If creepy crawlies make you uncomfortable, be glad you weren’t living in the Carboniferous period (around 100 million years before the dinosaurs arrived) in what is now Northumberland in the UK.
Scientists have made an astonishing discovery along this part of the coast of northeast England: a 326 million-year-old fossil, showing traces of the largest millipede ever discovered. It’s estimated to have been some 2.7 meters (nearly 9 feet) long – so we’re talking about the length of a car.
The remains are from the now-extinct Arthropleura genus of arthropod millipedes, and elevate this class of creature to be the largest-known invertebrate of all time. The discovery, originally made in 2018, was a chance one however.
“It was a complete fluke of a discovery,” says Earth scientist Neil Davies, from the University of Cambridge in the UK. “The way the boulder had fallen, it had cracked open and perfectly exposed the fossil, which one of our former PhD students happened to spot when walking by.”
“It was an incredibly exciting find, but the fossil is so large it took four of us to carry it up the cliff face.”
The recovered section of fossil measures 75 centimeters (nearly 30 inches), though the actual millipede would have been much bigger. The team estimates it could have weighed around 50 kilograms (110 pounds).
As well as being a record breaker, the fossil is teaching experts more about ancient millipedes. In the Carboniferous Period, the UK would have been close to the equator, matching previous Arthropleura findings. However, the type of location – an open woodland habitat near the coast – is different.
The only two previous Arthropleura fossils of this type discovered to date were found in Germany and were smaller in size. These earlier findings also suggested the invertebrates tended to live around coal swamps – extensive areas of vast amounts of biomass that built-up as peat as it died, eventually turning into coal.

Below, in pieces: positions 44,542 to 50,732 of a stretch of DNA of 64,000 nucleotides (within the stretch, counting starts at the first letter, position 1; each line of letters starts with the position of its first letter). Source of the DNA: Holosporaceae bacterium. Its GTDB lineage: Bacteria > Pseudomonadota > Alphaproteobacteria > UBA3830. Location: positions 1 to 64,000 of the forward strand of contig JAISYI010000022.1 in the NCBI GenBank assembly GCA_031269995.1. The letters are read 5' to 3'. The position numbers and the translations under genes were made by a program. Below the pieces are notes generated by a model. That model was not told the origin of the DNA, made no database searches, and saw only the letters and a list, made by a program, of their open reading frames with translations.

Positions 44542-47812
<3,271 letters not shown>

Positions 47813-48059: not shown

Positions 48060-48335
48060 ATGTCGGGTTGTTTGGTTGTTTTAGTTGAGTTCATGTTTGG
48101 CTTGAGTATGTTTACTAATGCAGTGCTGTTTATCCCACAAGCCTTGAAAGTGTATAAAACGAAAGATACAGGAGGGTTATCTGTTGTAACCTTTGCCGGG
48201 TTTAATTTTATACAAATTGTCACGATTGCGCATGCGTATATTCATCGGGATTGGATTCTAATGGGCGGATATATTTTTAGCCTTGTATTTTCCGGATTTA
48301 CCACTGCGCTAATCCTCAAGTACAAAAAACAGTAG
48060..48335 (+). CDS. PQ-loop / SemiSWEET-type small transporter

It is generally accepted that arthropods (the group that includes insects and millipedes) today can’t physically get this big, as oxygen levels aren’t high enough to facilitate their method of breathing at larger sizes.
However, this fossil dates from before the atmospheric oxygen peak of the late Carboniferous and Permian periods, when the concentration of oxygen in the atmosphere was only 23 percent, not much higher than today’s 21 percent. This indicates a rise in oxygen can’t be the only factor that allows arthropods to reach such incredible sizes.
The researchers attribute Arthropleura‘s size to a diet high in nutrients and lack of predators.
“While we can’t know for sure what they ate, there were plenty of nutritious nuts and seeds available in the leaf litter at the time, and they may even have been predators that fed off other invertebrates and even small vertebrates such as amphibians,” says Davies.
Arthropleura animals lived around the equator for approximately 45 million years, going extinct during the Permian (299-252 million years ago). The reason for that extinction isn’t clear – it may have in part been due to the rise in reptiles who eventually outcompeted them – but we’re kind of glad they’re not still crawling around the place.
The fossil was discovered in sandstone fallen from a cliff, and would have originally been in a river channel. It represents what’s likely to be a molted section of Arthropleura exoskeleton, which was eventually filled with sand that then preserved it.
As the paucity of giant Arthropleura fossils shows, this kind of preservation is very rare – and every new discovery can teach us a lot more about how these ancient creatures lived and evolved.
“Finding these giant millipede fossils is rare, because once they died, their bodies tend to disarticulate, so it’s likely that the fossil is a molted carapace that the animal shed as it grew,” says Davies.
“We have not yet found a fossilized head, so it’s difficult to know everything about them.”
The research has been published in the Journal of the Geological Society.